Toxicity and Its Tough Decisions
Women in their 40's, 50's and beyond need friends and family. Researchers agree that women especially thrive in mid-life and retirement when they have close friends and supportive family to rely on. But what happens when we're distracted by tough life transitions and a toxic friendship or family relationship seeps into our life?
I know from my own experience how subtly this happens. It may begin with a kind gesture, a declaration of love, or thoughtful assist with something difficult, but when "caring" turns to interference, manipulation and lies that create mental, physical or emotional distress, that's toxic. We may wake up one day to a life that is no longer our own and wonder "What now?"
For the time being
The emotional fallout from any toxic relationship can be far reaching and often so devastating that making the decision to cut ties can be scary and difficult. Sometimes, at first, a choice is made to do nothing when a course of action eludes us. According to Marc Hays, Family Counselor, when a situation is so emotionally difficult to face, "For now, we can choose not to choose!"
"What then is to weigh the value of temporary and imperfect processes." Marc adds. "Say to yourself… 'For the time being, I will do this [perhaps distance myself] and not that [cut ties abruptly]. Then when I am further on my journey and/or possibly have more [strength], I will change direction and do that [perhaps cut ties] instead of this [creating some distance].'"
Shedding toxic relationships can be especially hard for women of an assured age who are already mired in tough life transitions. It's just one more awful thing to deal with, but we must deal with it. By not making an immediate choice we gain time to educate ourselves and become comfortable with the decision to stop toxicity from continuing.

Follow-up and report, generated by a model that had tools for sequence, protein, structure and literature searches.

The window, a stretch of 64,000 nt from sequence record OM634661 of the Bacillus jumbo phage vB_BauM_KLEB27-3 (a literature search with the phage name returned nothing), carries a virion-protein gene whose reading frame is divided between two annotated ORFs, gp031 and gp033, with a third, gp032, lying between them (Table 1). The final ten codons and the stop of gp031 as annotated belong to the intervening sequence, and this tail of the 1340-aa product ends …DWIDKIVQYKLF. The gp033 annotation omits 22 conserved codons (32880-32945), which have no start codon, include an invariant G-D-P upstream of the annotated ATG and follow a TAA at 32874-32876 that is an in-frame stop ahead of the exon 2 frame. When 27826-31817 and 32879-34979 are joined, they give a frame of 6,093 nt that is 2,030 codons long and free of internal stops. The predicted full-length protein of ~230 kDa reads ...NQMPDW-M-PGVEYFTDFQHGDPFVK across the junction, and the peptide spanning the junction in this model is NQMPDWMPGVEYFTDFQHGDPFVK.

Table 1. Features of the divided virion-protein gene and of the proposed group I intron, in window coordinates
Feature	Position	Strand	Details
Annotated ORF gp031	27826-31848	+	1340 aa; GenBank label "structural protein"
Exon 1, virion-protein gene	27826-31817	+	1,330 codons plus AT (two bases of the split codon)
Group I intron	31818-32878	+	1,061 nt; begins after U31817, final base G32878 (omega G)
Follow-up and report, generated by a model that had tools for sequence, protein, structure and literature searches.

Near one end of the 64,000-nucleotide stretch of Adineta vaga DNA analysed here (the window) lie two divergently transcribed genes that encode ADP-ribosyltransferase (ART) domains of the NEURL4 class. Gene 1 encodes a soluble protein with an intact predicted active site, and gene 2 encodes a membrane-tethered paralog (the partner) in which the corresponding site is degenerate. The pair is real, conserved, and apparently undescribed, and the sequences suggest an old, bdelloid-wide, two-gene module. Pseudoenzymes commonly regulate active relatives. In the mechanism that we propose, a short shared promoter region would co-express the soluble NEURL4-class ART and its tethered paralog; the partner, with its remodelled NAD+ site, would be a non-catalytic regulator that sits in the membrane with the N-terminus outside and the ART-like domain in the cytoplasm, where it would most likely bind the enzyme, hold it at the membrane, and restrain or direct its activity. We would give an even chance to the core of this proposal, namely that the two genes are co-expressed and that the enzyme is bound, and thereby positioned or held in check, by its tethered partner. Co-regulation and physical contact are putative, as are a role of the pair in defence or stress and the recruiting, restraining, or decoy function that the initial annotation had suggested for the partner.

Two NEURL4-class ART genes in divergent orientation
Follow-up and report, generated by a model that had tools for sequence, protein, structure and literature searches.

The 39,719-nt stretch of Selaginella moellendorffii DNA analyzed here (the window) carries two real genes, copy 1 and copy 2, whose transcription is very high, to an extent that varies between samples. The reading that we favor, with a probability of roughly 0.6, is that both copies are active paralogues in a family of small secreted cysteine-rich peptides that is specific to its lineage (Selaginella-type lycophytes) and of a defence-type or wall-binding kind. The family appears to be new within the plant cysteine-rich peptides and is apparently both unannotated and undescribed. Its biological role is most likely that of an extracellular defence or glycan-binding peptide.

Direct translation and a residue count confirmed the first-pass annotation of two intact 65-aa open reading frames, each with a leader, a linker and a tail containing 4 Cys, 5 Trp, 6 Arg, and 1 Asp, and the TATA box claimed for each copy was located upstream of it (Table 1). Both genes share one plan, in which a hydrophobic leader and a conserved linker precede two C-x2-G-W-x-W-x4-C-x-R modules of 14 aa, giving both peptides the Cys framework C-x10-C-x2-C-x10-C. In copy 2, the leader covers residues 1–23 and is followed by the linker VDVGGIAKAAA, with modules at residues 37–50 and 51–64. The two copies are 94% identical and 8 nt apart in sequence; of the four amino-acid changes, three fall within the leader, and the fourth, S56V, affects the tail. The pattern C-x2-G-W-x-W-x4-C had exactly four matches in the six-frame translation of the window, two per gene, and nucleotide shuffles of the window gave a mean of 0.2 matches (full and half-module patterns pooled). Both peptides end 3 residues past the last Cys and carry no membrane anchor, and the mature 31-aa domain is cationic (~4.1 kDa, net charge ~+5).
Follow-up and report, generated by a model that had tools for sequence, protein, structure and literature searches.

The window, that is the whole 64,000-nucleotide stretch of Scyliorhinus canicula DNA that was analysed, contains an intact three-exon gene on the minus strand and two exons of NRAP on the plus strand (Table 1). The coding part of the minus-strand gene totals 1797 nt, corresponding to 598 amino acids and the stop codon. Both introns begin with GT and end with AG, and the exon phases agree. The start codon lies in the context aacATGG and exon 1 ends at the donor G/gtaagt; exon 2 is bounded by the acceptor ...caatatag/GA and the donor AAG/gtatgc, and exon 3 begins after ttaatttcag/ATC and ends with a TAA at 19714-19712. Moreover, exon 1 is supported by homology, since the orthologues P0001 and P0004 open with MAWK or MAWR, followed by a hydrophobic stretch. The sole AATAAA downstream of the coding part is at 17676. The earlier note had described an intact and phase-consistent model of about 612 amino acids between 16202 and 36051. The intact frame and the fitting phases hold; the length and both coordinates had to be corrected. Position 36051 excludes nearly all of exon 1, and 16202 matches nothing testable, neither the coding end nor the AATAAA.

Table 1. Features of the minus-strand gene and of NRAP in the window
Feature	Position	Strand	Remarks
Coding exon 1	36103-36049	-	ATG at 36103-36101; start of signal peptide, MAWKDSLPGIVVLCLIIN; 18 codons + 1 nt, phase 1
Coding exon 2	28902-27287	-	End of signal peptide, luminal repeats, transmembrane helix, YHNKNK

Identifying toxicity in your life
Sometimes it's hard to know if a person is toxic or just highly negative. In either case, we may want to distance ourselves, but knowing the impact a person is having on us first is important. We need to determine if we are actually in a toxic relationship. We must ask:
1. Does this person make me feel bad about myself?
2. Do I dread seeing or have anxiety around this person?
3. Are my other relationships suffering?
4. Have I tried to set healthy boundaries? Do I stick to them?
5. Am I talking or complaining about this person a lot?
6. Do I stoop to their level to try to control things?
7. Is this person bringing out strong negative emotions or rage in me?
8. Do I blame my reactions or behavior on this person?
9. Am I using food, alcohol, drugs or other unhealthy means to cope?
10. Do I pretend that this person's toxicity is ok?
Answering 'yes' to any combination of these questions likely points to a toxic relationship.
Identifying toxic people
Once you've recognized toxicity, the toxic people aren't hard to identify unless we've become immune to their machinations. If we're not sure about someone, or we want to confirm what we already know, we need to ask ourselves these additional questions:
1. Does this person tell flagrant lies or perpetrate hoaxes?
2. Is this person's life a constant drama?
3. Does this person try to control me?
4. Does this person own their choices or actions?
5. Has this person inserted themselves into my private life?
6. Does this person respect my boundaries?
7. Does this person rationalize, make excuses or blame?
8. Has this person criticized me repeatedly?
9. Does this person thrive on being lauded?
10. Do gifts or assistance from this person leave me feeling obligated?
11. Am I expected to give to or pay for or praise this person constantly?
12. Does this person believe that they are always right?
13. Am I aware of this person manipulating or exploiting me?
14. Does this person admit when they are wrong?
15. Has this person played victim to get attention?
16. Has this person ever taken responsibility for their mistakes?
17. Does this person make me uncomfortable or unproductive?
18. Has this person shown me a lack of compassion or empathy?
19. Does this person hide behind passive aggressive behavior?